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  41.  8
    Human Infants’ Understanding of Social Imitation: Inferences of Affiliation From Third Party Observations.Lindsey J. Powell & Elizabeth S. Spelke - 2018 - Cognition 170:31-48.
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  42. Evolutionary and Developmental Foundations of Human Knowledge.Marc D. Hauser & Elizabeth Spelke - 2004 - In Michael S. Gazzaniga (ed.), The Cognitive Neurosciences Iii. MIT Press.
    What are the brain and cognitive systems that allow humans to play baseball, compute square roots, cook soufflés, or navigate the Tokyo subways? It may seem that studies of human infants and of non-human animals will tell us little about these abilities, because only educated, enculturated human adults engage in organized games, formal mathematics, gourmet cooking, or map-reading. In this chapter, we argue against this seemingly sensible conclusion. When human adults exhibit complex, uniquely human, culture-specific skills, they draw on a (...)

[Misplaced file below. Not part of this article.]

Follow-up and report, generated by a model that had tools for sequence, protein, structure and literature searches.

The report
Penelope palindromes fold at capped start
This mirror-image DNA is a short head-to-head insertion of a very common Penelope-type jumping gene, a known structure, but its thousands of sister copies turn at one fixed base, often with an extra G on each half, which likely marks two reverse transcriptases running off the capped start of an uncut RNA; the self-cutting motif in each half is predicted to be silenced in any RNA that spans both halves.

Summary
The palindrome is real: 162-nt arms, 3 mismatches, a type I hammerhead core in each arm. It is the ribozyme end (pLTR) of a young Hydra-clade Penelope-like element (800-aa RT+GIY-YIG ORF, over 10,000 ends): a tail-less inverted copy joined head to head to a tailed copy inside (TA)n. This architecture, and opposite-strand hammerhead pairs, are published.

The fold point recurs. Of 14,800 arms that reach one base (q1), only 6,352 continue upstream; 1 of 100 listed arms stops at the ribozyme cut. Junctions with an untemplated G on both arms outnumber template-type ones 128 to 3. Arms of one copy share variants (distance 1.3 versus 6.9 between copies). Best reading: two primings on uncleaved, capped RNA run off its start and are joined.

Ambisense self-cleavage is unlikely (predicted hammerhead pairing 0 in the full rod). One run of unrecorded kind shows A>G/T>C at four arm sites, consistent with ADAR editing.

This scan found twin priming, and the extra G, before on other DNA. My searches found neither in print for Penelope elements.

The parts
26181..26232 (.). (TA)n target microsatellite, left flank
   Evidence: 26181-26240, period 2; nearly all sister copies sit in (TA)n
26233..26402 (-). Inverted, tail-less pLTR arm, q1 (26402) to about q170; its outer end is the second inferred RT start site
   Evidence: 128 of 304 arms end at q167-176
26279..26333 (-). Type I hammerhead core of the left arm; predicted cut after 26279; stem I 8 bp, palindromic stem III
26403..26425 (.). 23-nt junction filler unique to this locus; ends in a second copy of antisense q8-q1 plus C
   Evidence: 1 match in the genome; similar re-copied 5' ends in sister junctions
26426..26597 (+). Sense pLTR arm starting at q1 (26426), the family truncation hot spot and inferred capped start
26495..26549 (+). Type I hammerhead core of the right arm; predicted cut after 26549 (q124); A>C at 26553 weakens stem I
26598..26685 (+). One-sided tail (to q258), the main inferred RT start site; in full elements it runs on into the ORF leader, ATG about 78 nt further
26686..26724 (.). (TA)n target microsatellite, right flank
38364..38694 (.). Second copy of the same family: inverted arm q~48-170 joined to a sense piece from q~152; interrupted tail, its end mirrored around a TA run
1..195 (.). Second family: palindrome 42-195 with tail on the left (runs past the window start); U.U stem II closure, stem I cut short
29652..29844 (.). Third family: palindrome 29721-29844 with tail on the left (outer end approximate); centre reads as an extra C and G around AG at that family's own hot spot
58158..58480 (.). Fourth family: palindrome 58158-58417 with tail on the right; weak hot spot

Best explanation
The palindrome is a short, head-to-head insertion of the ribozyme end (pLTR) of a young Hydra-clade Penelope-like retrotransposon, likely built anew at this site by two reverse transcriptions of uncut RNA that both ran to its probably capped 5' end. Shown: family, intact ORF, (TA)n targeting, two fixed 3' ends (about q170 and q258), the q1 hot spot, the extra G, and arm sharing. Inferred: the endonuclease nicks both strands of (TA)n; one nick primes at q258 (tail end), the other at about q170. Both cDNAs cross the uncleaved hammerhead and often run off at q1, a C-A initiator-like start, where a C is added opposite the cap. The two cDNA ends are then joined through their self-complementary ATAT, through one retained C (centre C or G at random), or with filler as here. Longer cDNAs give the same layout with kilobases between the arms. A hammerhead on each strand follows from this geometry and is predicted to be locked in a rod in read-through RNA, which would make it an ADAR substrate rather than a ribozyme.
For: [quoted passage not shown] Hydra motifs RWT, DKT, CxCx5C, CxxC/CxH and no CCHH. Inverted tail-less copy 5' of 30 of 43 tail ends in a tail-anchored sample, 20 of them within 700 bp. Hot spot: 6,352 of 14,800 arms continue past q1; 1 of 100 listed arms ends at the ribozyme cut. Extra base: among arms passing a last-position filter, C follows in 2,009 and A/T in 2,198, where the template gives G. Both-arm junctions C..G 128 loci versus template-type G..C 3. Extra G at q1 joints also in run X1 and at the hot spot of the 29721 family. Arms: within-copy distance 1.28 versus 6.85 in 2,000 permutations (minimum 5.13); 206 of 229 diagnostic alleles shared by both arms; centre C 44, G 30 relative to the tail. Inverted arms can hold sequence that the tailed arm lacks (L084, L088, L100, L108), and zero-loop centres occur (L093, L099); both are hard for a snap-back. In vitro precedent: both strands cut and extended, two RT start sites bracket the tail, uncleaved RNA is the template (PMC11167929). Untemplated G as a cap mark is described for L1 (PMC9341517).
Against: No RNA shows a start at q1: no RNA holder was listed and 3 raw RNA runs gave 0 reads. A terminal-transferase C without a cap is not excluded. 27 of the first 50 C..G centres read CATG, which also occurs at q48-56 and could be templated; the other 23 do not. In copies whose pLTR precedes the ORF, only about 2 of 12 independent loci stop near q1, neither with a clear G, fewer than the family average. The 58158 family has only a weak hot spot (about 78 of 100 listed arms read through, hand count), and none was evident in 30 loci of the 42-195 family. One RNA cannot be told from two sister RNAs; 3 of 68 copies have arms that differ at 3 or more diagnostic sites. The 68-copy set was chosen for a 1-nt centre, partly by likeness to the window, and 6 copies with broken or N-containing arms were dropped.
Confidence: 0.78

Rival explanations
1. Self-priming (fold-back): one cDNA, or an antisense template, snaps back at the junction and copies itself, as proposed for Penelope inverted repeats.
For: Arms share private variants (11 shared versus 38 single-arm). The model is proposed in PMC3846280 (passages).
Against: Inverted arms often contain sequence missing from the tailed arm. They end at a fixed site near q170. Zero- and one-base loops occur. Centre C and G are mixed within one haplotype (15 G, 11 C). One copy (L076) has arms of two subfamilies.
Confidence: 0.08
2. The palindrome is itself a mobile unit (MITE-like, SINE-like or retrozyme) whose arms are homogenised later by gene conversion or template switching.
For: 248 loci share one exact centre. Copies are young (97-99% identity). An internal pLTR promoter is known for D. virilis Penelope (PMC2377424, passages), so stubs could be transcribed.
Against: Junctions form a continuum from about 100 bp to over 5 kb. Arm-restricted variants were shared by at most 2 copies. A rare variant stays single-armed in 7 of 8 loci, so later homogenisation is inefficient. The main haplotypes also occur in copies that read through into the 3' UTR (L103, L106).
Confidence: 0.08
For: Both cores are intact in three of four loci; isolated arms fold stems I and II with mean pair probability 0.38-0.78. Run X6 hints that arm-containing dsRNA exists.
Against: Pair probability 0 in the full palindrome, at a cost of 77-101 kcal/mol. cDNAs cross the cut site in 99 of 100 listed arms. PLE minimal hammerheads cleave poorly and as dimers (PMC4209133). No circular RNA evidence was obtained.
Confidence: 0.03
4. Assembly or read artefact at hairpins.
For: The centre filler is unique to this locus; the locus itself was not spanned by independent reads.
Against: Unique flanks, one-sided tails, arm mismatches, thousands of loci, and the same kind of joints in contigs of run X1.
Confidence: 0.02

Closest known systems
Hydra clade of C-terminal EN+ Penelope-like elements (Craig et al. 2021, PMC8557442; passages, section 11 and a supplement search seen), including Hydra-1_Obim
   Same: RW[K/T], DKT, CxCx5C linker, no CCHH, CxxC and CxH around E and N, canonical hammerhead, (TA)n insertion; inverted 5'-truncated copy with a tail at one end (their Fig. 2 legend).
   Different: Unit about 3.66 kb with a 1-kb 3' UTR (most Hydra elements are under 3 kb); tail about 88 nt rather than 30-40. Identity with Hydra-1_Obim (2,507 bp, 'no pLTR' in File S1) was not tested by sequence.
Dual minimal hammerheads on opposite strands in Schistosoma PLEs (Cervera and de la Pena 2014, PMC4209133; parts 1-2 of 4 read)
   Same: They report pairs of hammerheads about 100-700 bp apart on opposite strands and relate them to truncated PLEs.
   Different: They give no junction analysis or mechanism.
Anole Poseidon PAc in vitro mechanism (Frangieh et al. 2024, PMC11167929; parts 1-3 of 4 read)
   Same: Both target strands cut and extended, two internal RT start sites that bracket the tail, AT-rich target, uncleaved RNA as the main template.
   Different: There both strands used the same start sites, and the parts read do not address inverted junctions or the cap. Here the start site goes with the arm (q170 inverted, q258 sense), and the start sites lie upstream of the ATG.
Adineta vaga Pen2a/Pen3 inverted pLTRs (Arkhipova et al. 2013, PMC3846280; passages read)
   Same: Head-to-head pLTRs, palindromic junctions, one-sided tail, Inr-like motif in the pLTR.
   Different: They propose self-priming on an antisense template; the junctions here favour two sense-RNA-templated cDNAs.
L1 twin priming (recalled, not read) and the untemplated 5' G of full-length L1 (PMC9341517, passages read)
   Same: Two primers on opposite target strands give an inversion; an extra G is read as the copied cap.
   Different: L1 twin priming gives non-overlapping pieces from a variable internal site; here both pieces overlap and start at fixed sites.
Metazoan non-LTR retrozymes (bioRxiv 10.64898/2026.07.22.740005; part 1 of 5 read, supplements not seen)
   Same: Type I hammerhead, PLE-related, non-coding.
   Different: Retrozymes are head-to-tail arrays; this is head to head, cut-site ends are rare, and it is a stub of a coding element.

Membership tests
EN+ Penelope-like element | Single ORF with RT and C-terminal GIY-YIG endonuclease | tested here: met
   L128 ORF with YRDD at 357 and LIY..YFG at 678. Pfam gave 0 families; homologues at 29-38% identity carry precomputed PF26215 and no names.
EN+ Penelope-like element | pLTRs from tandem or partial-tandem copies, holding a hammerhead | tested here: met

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  43. Core Systems in Human Cognition.Elizabeth Spelke - manuscript
    Research on human infants, adult nonhuman primates, and children and adults in diverse cultures provides converging evidence for four systems at the foundations of human knowledge. These systems are domain specific and serve to represent both entities in the perceptible world (inanimate manipulable objects and animate agents) and entities that are more abstract (numbers and geometrical forms). Human cognition may be based, as well, on a fifth system for representing social partners and for categorizing the social world into groups. Research (...)